Sunday 25th December 2016

Well, such a sad day indeed in many people’s world – but yet especially in my world – with the news that George Michael passed away today, at the frighteningly young age of fifty-three.

I, of course, had the honour of working with him for over eight years, during a particularly poignant time in his career: starting out with “Wham!” and continuing through into his solo career, specifically from the years 1983 until 1991. Those were indeed memorable years, arguably the pinnacle of my career in the music business. The man gave me free reign to plan his touring operations properly and professionally and – contrary to the majority of acts I have worked with over the years – ensured everyone knew the buck stopped with me.

If – and when – I may consider actually (eventually) writing a book, detailing my experiences over the forty years of my involvement in the music business, my time spent with George (and Andrew Ridgeley for a good few years, as well) will most definitely encompass a very sturdy chapter. This will not consist of so-called “sensationalism tit-bits”, but more anecdotal reflection of many eventful occasions that we fondly enjoyed together. You must remember that I was present around George throughout a very transitional period of his career, both in terms of his ground-breaking decision to go solo - and also his much-publicised management split (the latter, sadly, causing a temporary rift between myself and George’s two original personal managers, Simon Napier-Bell and Jazz Summers).

It’s no secret that George’s Mum’s passing in 1997, when Lesley was only 60 years old, had a most profound effect on George - and I can distinctly recall thinking that one or two of the particular songs and videos that George subsequently released, in the immediate years following Lesley’s passing, certainly – for me – mirroring the extent of his deep grief.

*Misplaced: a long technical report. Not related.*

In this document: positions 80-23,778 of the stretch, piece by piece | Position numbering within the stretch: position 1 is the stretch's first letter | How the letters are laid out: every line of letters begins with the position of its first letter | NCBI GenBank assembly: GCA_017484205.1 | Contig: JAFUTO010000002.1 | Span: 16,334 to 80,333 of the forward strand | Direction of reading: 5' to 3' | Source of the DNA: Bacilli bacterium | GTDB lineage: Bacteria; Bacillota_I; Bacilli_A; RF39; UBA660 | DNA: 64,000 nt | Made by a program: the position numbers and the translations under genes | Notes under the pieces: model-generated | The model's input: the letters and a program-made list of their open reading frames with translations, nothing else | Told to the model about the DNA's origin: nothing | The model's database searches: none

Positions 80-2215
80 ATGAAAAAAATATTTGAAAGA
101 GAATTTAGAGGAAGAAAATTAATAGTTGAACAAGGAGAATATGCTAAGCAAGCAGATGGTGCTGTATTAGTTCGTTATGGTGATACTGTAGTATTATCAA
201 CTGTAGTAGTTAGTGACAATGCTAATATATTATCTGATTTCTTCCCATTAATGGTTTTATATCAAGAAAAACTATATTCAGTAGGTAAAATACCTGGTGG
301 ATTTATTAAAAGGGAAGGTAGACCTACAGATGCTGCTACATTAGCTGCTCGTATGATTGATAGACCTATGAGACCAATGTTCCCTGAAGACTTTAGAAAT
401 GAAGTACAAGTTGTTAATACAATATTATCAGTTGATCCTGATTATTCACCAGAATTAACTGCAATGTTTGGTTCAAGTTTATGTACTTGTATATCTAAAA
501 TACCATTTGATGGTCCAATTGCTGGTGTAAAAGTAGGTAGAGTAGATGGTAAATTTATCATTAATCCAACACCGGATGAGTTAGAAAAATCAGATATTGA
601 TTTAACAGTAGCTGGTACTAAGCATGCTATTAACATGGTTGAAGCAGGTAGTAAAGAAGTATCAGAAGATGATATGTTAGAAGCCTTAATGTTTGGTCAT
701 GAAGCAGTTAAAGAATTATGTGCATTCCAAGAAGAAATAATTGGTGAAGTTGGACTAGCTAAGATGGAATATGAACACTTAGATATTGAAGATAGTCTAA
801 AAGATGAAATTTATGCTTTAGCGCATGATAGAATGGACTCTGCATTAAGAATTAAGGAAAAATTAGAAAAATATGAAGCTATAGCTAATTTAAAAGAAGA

Now, he has gone – and can be added, “worryingly”, to an increasing list of entertainers that I have worked with over the years, who have passed away to date (John Glascock; Randy Rhoads; Mick Karn; George Harrison; Alex Harvey; Joe Cocker; Greg Lake; Gary Moore). I have no wish to see this list expand, however that trend is unlikely to abate, in respect of many of the Artist’s I have worked with, being that most of them are slightly senior to me.

Food for thought? Undeniably, meaning that it will do no harm to revisit the subject of “balance” in my life – a subject that Alice coincidentally raised a few days ago, before we were floored by today’s tragic news. There was once a time in our lives when we were able to think about all the things we wanted to do in life, without there ever having been one iota of concern about whether there would be enough to accomplish all those things. Not so now.

In closing this week’s entry – there is, of course, no prizes awarded for guessing my choice of featured Artist, for the accompanying track. There are so many great, memorable, George Michael songs to choose from: however, I was present for the recording of this iconic track (when George and I journeyed from the UK to the Detroit recording studio). So, with joyful memories – but equally with a heavy heart today – I leave you with the George Michael/Aretha Franklin duet “I Knew You Were Waiting”. Thanks a million George.

Sunday 20th November 2016